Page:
Thursday, July 16, 2009

New Jersey cited as ‘bright spot’ following achievement gap report

According to the Christian Science Monitor, a study released Tuesday by the U.S. Department of Education shows that New Jersey is a national leader in closing the achievement gap.

According to the Monitor, reading and math scores for all races have generally risen since the 1990s. Despite that overall progress, though, few states have narrowed the achievement gap between racial groups. However, the Monitor notes that “New Jersey narrowed gaps in both reading and math for fourth grade,” one of only three states in the nation to do so.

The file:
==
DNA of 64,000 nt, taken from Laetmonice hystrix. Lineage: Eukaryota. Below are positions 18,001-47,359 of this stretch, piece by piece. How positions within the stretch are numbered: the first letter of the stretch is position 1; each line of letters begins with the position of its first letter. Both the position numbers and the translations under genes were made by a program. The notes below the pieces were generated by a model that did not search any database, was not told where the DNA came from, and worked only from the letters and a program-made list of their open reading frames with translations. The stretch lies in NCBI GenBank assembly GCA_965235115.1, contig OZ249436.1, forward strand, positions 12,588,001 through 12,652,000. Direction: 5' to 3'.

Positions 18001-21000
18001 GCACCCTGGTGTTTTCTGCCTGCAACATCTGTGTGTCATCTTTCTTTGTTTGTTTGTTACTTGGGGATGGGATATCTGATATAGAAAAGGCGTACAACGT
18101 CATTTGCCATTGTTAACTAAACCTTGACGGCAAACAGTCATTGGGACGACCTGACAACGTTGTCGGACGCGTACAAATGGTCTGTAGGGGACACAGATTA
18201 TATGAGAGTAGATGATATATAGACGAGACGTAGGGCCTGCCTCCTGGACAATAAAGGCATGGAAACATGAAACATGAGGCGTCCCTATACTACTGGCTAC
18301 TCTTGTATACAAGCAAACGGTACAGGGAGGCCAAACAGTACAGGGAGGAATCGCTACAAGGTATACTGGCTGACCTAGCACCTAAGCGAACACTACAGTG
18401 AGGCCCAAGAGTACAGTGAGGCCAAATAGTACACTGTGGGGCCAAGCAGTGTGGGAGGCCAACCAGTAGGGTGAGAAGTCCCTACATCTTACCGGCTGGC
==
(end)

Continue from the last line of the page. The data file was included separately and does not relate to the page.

Michael Holzman, a research consultant with the Schott Foundation for Public Education, credits New Jersey’s progress to more equitable distribution of funding to high-poverty areas.

NJEA president Joyce Powell reacted to the report. "We won't be satisfied until all achievement gaps are eliminated. However, this progress report is encouraging, and vindicates New Jersey's commitment to investment in at-risk students. The results we see here should strengthen our resolve to keep pushing forward, no matter what the economy does and no matter what critics of public education say."

Read the full article
View the report
More facts about New Jersey’s public schools